And he responded to a question about rising oil prices by asking the reporter whether he believes the president would want gasoline prices to rise during an election year.

    Join the conversation on our social journalism site -
    Middle East Voices
    . Follow our Middle East reports on
    Twitter and discuss them on our Facebook page.
    This forum has been closed.
    Comments
         
    There are no comments in this forum. Be first and add one

    Featured Videos

    Your JavaScript is turned off or you have an old version of Adobe's Flash Player. Get the latest Flash player.
    Vietnamese-American Youth Optimistic About Obama's Visit to Vietnami
    X
    Elizabeth Lee
    May 22, 2016 6:04 AM
    U.S. President Barack Obama's visit to Vietnam later this month comes at a time when Vietnam is seeking stronger ties with the United States. Many Vietnamese Americans, especially the younger generation, are optimistic Obama’s trip will help further reconciliation between the two former foes. Elizabeth Lee has more from the community called "Little Saigon" located south of Los Angeles.
    Video

    Video Vietnamese-American Youth Optimistic About Obama's Visit to Vietnam

    U.S. President Barack Obama's visit to Vietnam later this month comes at a time when Vietnam is seeking stronger ties with the United States. Many Vietnamese Americans, especially the younger generation, are optimistic Obama’s trip will help further reconciliation between the two former foes. Elizabeth Lee has more from the community called "Little Saigon" located south of Los Angeles.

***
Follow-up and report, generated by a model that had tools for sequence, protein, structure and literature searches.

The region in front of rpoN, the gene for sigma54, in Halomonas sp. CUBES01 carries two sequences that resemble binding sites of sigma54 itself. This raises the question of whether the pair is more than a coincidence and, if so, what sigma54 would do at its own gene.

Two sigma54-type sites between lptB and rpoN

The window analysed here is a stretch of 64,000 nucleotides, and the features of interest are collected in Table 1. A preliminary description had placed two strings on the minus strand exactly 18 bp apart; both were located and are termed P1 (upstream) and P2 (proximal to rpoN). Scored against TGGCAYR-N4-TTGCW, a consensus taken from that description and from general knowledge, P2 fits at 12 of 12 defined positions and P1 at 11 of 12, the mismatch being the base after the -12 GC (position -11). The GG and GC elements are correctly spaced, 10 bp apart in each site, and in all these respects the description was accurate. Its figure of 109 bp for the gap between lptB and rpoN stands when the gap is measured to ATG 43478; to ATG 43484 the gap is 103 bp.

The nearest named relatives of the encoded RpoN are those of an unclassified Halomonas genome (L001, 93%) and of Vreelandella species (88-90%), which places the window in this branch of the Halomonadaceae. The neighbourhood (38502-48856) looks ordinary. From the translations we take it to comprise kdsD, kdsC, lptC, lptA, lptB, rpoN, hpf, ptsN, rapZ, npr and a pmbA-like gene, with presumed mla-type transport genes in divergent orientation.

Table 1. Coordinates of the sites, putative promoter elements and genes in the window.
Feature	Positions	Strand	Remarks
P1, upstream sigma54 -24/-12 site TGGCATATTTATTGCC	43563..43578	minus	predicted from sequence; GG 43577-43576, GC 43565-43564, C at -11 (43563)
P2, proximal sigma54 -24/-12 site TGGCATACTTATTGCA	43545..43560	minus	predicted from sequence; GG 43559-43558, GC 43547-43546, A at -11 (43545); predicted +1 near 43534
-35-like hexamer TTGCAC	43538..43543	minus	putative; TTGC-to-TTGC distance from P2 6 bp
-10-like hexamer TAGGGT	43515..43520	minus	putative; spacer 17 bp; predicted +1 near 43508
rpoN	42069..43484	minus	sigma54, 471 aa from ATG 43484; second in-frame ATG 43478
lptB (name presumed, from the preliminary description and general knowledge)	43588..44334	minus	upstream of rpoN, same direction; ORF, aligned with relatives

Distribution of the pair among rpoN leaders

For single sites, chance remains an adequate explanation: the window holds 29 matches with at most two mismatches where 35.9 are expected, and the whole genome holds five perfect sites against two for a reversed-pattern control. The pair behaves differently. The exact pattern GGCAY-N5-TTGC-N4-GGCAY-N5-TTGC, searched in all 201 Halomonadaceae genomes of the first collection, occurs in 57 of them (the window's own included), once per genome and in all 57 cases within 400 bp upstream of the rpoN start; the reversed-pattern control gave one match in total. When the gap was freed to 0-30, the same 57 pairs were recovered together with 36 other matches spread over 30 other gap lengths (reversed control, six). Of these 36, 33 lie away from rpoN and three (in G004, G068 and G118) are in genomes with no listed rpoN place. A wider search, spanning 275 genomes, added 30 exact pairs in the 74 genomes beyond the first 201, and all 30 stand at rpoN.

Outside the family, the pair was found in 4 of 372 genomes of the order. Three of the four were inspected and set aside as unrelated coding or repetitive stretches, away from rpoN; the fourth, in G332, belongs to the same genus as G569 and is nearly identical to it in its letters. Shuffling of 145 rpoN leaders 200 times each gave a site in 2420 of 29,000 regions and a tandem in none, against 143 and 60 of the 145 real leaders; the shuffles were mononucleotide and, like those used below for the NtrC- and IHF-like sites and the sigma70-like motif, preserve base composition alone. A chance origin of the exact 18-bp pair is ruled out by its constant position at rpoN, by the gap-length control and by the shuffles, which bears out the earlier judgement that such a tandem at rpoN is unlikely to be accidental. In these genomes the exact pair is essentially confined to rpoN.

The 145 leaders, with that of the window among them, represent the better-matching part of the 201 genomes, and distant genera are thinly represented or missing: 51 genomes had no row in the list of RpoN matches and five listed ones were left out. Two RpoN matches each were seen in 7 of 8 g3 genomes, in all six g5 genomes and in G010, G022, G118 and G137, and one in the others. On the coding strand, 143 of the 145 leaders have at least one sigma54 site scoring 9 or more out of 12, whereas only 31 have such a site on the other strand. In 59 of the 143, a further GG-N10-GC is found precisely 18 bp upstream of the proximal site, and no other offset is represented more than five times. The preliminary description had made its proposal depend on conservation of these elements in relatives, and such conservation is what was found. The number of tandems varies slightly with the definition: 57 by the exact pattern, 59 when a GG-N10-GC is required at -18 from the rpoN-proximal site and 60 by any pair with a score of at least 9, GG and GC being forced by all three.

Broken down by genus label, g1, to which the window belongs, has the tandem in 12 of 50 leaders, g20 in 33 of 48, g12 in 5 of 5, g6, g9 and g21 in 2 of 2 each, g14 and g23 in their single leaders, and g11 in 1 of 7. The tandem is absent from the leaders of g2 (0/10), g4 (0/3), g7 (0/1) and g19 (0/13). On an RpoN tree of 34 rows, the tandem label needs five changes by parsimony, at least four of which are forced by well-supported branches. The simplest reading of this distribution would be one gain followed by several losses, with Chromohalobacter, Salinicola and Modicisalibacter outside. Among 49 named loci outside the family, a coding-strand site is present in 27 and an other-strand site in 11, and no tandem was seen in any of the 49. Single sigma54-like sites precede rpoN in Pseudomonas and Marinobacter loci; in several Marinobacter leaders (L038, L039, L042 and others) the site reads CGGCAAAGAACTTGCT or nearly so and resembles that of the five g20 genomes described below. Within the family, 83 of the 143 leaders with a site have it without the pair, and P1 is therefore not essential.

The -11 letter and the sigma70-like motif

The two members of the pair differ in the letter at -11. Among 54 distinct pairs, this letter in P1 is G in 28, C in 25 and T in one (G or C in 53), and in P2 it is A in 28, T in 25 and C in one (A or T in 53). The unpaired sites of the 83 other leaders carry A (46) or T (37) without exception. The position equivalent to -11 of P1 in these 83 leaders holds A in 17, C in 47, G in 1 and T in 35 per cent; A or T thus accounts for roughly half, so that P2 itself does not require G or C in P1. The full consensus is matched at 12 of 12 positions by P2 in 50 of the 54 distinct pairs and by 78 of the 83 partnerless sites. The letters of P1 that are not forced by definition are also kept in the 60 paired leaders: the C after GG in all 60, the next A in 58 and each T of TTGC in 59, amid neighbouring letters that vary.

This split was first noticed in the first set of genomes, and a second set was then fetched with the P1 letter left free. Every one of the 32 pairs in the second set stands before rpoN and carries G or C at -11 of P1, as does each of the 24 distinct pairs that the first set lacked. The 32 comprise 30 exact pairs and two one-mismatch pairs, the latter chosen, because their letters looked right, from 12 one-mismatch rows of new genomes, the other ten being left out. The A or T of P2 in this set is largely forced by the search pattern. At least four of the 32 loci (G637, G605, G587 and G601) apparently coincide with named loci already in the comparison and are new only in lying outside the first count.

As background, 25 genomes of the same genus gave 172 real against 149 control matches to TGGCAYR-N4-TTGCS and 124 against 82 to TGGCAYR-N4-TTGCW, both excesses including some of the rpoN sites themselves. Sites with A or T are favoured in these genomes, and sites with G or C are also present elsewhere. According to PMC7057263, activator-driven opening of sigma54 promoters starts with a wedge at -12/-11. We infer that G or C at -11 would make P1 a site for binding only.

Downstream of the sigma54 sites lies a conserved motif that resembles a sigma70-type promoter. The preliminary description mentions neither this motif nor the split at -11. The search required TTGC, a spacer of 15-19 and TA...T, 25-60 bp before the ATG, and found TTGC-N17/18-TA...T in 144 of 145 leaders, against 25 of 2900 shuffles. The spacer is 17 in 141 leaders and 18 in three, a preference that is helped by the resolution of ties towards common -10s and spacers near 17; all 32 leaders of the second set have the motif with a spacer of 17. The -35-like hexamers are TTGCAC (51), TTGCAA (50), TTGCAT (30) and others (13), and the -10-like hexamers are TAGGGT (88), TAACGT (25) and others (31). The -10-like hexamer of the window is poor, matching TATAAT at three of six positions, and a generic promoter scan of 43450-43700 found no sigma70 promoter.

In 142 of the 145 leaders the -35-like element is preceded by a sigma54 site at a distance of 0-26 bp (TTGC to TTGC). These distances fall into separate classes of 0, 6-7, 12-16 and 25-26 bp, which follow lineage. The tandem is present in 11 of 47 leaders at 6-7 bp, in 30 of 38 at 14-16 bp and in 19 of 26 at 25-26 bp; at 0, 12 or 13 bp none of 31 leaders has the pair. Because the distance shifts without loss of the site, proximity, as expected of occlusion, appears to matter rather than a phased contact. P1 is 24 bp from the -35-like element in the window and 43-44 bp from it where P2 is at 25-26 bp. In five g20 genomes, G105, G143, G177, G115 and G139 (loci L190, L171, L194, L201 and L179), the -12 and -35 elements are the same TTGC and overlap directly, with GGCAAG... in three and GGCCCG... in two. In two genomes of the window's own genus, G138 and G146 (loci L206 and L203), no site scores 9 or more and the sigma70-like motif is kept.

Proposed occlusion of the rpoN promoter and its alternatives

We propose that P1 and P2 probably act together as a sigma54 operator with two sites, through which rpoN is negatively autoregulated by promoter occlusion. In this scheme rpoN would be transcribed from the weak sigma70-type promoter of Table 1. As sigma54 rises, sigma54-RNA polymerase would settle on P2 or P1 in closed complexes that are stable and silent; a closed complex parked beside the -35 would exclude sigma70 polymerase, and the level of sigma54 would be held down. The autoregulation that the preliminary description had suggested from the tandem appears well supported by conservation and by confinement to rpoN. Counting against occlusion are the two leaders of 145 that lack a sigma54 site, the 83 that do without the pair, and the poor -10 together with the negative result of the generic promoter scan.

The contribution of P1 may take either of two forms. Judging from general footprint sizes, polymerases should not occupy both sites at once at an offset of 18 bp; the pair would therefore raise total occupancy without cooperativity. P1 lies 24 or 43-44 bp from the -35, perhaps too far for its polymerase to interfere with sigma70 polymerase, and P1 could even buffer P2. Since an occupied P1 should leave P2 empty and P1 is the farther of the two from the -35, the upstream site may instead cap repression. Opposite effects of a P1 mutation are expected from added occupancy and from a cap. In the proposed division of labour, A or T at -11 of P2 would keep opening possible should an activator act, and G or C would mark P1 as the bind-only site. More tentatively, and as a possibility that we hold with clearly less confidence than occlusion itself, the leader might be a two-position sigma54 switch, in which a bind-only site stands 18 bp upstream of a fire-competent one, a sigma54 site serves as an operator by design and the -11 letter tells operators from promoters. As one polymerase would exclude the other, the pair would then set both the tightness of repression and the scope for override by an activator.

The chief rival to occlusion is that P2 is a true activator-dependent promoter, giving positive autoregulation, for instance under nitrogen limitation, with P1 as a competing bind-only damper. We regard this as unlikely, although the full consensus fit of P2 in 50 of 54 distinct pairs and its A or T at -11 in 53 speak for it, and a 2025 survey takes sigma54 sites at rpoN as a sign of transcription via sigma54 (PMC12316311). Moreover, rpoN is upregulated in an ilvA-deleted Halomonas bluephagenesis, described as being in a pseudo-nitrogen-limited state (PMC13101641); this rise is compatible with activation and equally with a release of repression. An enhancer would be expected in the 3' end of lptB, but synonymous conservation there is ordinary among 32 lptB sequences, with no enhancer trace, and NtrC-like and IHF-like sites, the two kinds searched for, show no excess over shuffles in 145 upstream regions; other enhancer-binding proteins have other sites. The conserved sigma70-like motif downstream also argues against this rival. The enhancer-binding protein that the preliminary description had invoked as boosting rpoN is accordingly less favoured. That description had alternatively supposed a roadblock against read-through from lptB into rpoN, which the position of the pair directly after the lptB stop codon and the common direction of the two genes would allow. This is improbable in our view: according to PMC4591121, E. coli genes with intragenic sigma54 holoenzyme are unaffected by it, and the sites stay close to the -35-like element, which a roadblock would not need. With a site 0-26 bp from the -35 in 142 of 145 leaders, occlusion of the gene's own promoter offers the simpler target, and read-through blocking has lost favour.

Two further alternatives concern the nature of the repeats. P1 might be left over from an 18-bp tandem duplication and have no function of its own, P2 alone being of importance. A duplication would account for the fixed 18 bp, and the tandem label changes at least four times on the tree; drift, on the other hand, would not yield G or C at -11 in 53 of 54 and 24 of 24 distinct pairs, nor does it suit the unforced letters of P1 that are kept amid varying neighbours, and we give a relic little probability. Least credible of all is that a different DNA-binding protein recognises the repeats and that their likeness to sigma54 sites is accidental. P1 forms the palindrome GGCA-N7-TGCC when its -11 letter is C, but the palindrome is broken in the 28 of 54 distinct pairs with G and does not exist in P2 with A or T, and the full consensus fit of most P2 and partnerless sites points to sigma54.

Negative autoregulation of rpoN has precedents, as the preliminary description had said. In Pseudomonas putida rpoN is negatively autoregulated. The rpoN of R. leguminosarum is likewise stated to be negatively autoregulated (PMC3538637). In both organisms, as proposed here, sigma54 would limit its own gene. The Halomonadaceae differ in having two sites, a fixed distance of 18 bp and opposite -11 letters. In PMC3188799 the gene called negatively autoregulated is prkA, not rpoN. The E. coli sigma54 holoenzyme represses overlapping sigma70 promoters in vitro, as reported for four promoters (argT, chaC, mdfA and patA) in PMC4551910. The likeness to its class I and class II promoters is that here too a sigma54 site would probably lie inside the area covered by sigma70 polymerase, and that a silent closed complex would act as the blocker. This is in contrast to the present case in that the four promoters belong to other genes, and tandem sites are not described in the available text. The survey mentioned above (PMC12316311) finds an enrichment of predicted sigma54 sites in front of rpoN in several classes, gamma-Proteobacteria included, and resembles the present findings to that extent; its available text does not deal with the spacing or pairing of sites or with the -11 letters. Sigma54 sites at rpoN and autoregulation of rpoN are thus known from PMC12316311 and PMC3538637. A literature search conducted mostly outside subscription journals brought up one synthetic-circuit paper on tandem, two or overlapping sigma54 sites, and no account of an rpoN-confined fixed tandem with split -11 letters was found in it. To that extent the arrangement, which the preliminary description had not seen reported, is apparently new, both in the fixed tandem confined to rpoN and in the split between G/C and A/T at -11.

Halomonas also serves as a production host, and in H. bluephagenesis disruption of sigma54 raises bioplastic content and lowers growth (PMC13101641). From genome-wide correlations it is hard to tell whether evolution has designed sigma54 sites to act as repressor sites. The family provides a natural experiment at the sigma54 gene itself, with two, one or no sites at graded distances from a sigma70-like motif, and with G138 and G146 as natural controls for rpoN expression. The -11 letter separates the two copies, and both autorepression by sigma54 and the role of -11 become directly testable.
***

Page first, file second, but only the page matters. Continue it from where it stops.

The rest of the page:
Video

    Video First-generation, Afghan-American Student Sets Sights on Basketball Glory

    Their parents are immigrants to the United States. They are kids who live between two worlds -- their parents' homeland and the U.S. For many of them, they feel most "American" at school. It can be tricky balancing both worlds. In this report, produced by Beth Mendelson, Arash Arabasadi tells us about one Afghan-American student who seems to be coping -- one shot at a time.
    Video

    Video Newest US Citizens, Writing the Next Great Chapter

    While universities across the United States honor their newest graduates this Friday, many immigrants in downtown Manhattan are celebrating, too. One hundred of them, representing 31 countries across four continents, graduated as U.S. citizens, joining the ranks of 680,000 others every year in New York and cities around the country.
    Video

    Video Vietnam Sees Strong Economic Growth Despite Incomplete Reforms

    Vietnam has transformed its communist economy to become one of the world's fastest-growing nations. While the reforms are incomplete, multinational corporations see a profitable future in Vietnam and have made major investments -- as VOA's Jim Randle reports.